Switzerland’s Tax Haven: What You Need to Know

Switzerland’s Tax Haven: What You Need to Know main image

Switzerland, although a relatively small country, is known for many things. Its mountainous landscape, beautiful watches and delicious chocolate all spring to mind when thinking of Switzerland, but savvy businesses are utilizing another Swiss benefit – its status as a tax haven.

But what does this term mean? Well, a tax haven or offshore financial center is any country or jurisdiction offering minimal tax liability to foreign individuals and businesses.

To utilize the system, individuals aren’t required to reside in the country, nor do businesses need to operate from the jurisdiction to receive tax benefits, which makes tax havens very appealing for foreigners.

As a result, investors all over the world are enjoying tax reliefs in offshore accounts in low-cost jurisdictions like Switzerland. If you’d like to follow their example, there are a few things you need to know about before you dive into Switzerland’s tax world.

The low-down on Switzerland

Switzerland is the ‘grandfather’ of the world’s tax havens, one of the world’s largest offshore financial centers, and one of the world’s biggest secrecy jurisdictions or tax havens.

According to the Swiss Bankers’ Association, banks in Switzerland hold CHF 6.65 trillion (US$6.5 trillion) in assets under management, of which 48 percent originated from abroad. This made Switzerland the world leader in global cross-border asset management, with a 25 percent share of that market.

The Financial Secrecy Index 2018 report details how Switzerland differentiates itself from other asset managers, investor hubs, banks etc.: “The Swiss will exchange information with rich countries if they have to but will continue offering citizens of poorer countries the opportunity to evade their taxpaying responsibilities.”

A low-cost jurisdiction

Investing in a low-cost jurisdiction like Switzerland allows individuals and corporations from all over the world to legally reduce tax responsibilities. 

Swiss banking is highly regarded around the world, revered for its sophisticated and discreet banking services.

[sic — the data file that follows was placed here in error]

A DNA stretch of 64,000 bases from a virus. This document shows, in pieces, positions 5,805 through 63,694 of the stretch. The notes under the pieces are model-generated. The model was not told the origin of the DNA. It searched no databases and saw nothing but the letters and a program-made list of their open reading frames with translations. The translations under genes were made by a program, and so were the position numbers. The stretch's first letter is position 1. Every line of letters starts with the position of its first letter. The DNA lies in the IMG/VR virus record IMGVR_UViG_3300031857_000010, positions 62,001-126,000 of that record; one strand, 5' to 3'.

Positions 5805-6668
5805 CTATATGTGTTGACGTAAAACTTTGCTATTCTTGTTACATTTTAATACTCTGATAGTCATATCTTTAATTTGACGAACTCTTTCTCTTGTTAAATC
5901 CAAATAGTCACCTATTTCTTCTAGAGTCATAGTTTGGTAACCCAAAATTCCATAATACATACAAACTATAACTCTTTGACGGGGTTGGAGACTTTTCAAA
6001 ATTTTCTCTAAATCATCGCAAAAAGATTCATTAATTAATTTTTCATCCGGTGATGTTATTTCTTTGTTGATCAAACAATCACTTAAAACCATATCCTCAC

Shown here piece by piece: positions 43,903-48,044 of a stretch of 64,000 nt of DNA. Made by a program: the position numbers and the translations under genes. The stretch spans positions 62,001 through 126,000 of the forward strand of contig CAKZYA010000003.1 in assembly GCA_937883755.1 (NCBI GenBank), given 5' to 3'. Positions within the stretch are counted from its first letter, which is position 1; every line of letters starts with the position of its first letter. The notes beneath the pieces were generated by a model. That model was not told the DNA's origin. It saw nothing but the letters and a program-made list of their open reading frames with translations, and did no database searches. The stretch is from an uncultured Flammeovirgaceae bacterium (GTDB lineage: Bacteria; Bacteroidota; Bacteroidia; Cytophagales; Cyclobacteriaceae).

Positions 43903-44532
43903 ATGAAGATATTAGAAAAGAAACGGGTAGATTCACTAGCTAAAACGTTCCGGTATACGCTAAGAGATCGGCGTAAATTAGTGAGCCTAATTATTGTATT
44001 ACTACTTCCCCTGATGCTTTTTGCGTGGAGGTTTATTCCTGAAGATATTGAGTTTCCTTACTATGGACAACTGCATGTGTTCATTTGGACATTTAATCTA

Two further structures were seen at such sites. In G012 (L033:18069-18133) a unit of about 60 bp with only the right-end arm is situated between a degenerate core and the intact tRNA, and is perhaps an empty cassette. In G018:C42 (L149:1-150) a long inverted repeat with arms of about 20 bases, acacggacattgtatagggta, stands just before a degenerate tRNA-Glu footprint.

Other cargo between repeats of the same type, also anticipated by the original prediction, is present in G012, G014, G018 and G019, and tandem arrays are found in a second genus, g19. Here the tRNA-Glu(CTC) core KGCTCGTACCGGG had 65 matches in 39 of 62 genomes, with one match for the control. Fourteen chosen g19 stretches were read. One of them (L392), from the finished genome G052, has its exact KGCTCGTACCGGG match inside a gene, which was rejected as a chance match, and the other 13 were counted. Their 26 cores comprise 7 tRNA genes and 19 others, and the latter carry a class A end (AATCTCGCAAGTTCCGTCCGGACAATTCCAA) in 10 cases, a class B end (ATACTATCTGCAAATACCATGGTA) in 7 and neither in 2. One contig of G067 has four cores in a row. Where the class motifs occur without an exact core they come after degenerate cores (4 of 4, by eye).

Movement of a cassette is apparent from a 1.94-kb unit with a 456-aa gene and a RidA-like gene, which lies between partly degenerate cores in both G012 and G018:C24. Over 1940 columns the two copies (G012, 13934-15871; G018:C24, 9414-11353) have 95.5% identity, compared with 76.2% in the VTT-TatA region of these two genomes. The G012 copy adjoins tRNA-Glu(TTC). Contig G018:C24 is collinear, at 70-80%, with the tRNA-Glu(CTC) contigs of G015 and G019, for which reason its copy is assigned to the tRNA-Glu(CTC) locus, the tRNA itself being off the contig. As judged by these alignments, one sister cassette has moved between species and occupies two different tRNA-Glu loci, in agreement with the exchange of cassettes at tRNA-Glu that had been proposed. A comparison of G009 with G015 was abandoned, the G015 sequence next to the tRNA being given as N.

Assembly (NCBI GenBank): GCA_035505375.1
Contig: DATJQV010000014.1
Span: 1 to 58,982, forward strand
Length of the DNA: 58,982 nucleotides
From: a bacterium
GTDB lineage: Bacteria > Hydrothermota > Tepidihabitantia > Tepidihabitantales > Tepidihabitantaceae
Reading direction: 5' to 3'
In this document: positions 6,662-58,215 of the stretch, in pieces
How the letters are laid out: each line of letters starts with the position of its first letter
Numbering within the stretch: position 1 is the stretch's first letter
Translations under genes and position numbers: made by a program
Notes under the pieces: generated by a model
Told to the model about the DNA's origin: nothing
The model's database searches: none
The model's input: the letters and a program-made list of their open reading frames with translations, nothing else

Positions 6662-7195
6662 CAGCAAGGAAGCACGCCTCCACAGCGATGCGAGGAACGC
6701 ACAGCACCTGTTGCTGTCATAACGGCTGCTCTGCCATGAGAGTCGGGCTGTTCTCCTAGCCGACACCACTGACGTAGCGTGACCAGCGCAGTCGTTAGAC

Thought to be one of the oldest tax havens of modern times – dating back to the 1920s – banking in Switzerland offers financial stability and growth opportunities through a trusted system.

The country offers privacy and security perks, but one misrepresentation is that Switzerland is completely tax-free. Yes, wealthy individuals will pay low lump sums on the money they bank, but there is still some tax to pay.

Advantages for you and your company

Companies from across the globe utilize the advantages of doing business through Switzerland. In fact, 30 percent of US Fortune 500 companies have subsidiaries in Switzerland.

Similarly, individuals choosing to live in Switzerland can benefit from lower taxation, as the country taxes households, not individuals.

Swiss facts

The economy is Switzerland has been strong for quite some time, with the Swiss franc one of the strongest currencies for investors hoping to make money through the forex market.

Although the US dollar continues to be the primary and most trusted reserve currency, the Swiss franc is seen as one of the best alternatives.

But what else makes Switzerland special?

  • No deficit: Switzerland’s income exceeds its expenses, meaning there is no deficit. Switzerland, therefore, is self-reliant and stabilizes its currency.
  • Small debt market: As Switzerland’s debt market is only small, this adds to its economic advantage. For example, if a large economy like Germany or Russia placed its huge reserves in Swiss debt, it could take control of Swiss debt. As the Swiss market is small, and there is no need for foreign funds as Switzerland has no deficit, buy-ins of this nature are impossible. This shields the Swiss economy and helps keep the Swiss franc valuation stable.
  • Strong economic system: The small country has an equally small population, taking advantage of its natural resources. There are limited investments required for agriculture and production that support the strong economy.

Socioeconomic factors

Other than lower taxes, there are several other socioeconomic factors that make a particular destination a popular tax haven:

  • Political and economic stability: Without it, no amount of tax inducement can bring outside investors. Switzerland is famous for its political and economic stability.
  • Banking, professional and support service: Switzerland and Austria – although not strictly tax havens – are nevertheless popular for offshore banking services and a safe destination for assets

Challenges doing business in Switzerland

A series of bilateral agreements govern economic relations and business can be hampered by these or protectionist measures (for instance in agriculture). Although Switzerland offers autonomy in many areas due to its avoidance of EU membership, this can be problematic for some companies.

With these in mind, companies should also move tentatively with the following potential challenges:

  • The market is highly regulated
  • Domestic rules and regulations may apply
  • Switzerland doesn’t always adopt EU standards

The bottom line

Investors looking for a safe haven for their money have turned to the Swiss franc for quite some time. It seems unlikely the Swiss economy will move from its low-debt, low-growth ideology and will continue as a major banking destination.

Written by Niamh Ollerton

Niamh is Assistant Editor of TopMBA.com, creating and editing content for an international MBA student audience. Having gained her journalism qualification at the Press Association, London and since written for different international publications, she's now enjoying telling the stories of the business world.  

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